Your ticket includes access to the Silver Museum, the Porcelain Museum, the Costume Gallery, all three located in the sumptuous Palazzo Pitti, as well as to the attached Boboli Garden and the close-by Bardini Garden.
Located on the south side of the Arno, only minutes from the Ponte Vecchio, the vast, mainly Renaissance Pitti Palace was the residence of the Medici. The powerful Florentine family had bought it from a rich banker named Luca Pitti in 1549 and transformed it into the main residence for Grand-Duchy of Tuscany. The Medici added to the core building and transformed the Palazzo into a veritable treasure chest. Later, the palace was home to other rulers - the Lorraine family, and then finally the King of Italy when Florence was capital of Italy. Nowadays, the palace's collections and museums are fully open to the public. The palace's gardens, the Boboli, are one of the most beloved gardens in Florence, and offer vast green spaces, landscaped to perfection, as well as stunning views of Florence.
The Museum of the Grand Ducal Treasure or Silver Museum occupies twenty-five rooms of the left wing of Palazzo Pitti, chosen in 1861 as the location for the display. The core of the collection was originally preserved in Palazzo Medici in Via Larga (now Via Cavour), where Cosimo the Elder had started a rich collection of precious objects in the 15th century. His son Piero and his grandson Lorenzo the Magnificent later added to this collection. Some of the most valuable objects are the vases that belonged to Lorenzo, which are considered extremely precious both historically and artistically. The present arrangement of the museum focuses both on different aspects of the grand ducal collection and on the beauty of the rooms chosen to display it in.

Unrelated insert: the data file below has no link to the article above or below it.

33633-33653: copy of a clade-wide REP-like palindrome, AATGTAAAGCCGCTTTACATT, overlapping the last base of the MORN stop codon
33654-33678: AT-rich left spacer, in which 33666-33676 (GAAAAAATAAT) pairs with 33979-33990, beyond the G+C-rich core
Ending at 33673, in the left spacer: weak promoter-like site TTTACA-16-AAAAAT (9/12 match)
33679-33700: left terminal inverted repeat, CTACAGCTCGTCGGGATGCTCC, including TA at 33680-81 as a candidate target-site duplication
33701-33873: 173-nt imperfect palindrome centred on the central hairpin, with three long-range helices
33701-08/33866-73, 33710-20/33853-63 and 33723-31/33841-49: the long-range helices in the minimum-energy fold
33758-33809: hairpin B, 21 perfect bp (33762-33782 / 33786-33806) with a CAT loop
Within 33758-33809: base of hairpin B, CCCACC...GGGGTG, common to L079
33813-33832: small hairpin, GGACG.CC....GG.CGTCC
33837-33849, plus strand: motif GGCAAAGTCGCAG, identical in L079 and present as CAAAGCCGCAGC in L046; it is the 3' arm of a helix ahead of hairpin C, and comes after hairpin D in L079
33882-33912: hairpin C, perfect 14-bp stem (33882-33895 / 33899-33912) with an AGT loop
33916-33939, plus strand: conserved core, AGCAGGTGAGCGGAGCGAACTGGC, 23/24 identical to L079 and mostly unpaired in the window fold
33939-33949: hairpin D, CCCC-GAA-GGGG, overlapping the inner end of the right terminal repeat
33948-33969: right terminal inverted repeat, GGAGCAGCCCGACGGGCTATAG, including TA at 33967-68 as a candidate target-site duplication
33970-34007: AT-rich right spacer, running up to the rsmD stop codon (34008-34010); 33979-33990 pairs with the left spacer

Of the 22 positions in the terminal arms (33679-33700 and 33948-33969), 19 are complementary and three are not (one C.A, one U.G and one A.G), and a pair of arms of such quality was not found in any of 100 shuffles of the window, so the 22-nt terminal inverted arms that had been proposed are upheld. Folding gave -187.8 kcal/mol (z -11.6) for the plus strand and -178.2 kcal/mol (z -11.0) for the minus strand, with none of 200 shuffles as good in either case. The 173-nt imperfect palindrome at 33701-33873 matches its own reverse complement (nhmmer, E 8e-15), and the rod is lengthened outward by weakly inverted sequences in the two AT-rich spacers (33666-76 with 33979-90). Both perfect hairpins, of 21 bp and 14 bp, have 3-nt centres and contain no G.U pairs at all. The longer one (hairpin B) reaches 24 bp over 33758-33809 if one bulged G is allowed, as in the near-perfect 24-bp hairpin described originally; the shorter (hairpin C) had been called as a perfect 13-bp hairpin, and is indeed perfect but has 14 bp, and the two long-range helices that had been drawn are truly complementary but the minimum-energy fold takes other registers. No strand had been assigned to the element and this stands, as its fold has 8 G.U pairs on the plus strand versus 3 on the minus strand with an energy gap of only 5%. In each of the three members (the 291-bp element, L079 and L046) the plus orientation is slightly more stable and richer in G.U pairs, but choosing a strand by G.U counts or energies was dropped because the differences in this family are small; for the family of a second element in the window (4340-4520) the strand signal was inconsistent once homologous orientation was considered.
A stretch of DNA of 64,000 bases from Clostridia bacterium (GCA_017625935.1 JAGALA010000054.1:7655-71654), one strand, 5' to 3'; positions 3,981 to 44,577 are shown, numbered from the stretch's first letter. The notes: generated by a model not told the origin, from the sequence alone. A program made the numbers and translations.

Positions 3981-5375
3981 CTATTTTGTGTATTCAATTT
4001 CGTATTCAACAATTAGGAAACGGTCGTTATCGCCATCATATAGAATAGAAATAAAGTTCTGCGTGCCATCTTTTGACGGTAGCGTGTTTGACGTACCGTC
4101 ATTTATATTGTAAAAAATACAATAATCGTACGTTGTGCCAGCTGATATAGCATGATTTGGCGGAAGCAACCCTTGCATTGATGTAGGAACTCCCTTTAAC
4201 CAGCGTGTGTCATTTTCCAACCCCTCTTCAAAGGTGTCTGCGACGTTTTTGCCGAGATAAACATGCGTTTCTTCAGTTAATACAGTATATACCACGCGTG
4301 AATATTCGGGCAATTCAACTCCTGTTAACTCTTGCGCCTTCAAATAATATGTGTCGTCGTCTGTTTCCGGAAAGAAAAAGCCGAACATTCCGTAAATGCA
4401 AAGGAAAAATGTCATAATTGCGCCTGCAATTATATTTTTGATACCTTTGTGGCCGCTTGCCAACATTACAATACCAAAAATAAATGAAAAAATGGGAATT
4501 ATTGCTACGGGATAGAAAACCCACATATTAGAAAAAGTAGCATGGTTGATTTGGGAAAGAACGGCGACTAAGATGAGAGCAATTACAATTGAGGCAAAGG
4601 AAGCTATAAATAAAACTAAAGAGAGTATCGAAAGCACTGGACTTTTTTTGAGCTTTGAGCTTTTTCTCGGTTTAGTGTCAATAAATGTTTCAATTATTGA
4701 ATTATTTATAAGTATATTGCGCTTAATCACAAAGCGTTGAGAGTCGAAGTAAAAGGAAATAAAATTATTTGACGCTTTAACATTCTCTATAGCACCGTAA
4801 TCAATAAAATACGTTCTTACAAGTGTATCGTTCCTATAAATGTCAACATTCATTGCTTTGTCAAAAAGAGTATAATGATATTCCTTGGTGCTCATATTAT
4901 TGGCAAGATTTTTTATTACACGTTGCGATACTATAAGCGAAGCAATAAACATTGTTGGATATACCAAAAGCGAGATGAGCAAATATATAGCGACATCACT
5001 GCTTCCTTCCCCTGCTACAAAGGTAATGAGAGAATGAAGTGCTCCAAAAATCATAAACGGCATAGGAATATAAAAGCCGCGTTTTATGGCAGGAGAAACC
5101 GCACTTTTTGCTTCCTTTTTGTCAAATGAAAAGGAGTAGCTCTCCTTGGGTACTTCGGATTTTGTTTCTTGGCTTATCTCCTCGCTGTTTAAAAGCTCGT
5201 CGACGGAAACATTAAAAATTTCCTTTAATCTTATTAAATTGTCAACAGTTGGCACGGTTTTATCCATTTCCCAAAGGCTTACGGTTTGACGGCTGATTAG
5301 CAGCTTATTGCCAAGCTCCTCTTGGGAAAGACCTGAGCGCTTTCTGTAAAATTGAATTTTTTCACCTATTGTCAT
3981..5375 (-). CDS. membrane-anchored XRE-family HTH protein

A secret stairway leads to the first floor, the heart of the treasure of the Museum: the Rooms of the Cameos and of the Jewels which belonged to Anna Maria Luisa, the last Medici (early 18th century), who purchased precious jewels in all of Europe.
The two following rooms contain the famous Treasure of Salzburg, which was brought to Florence by Ferdinand III of Lorraine, after his return from exile following the brief Napoleonic period.
The Silver Museum also includes the Oriental Room, and Chinese and Japanese chinaware.
On the ground floor you'll also find the precious collection of ambers and the Room of the Crystals and Semi-precious stones.
Noteworthy is the great room frescoed by Giovanni da San Giovanni (1592-1636) and his assistants on the occasion of the marriage of Ferdinando II de' Medici and Vittoria della Rovere (1634), where sumptuous mythological allegories and references highlight the many aspects of the cultural and political life of the Medici under Lorenzo the Magnificent.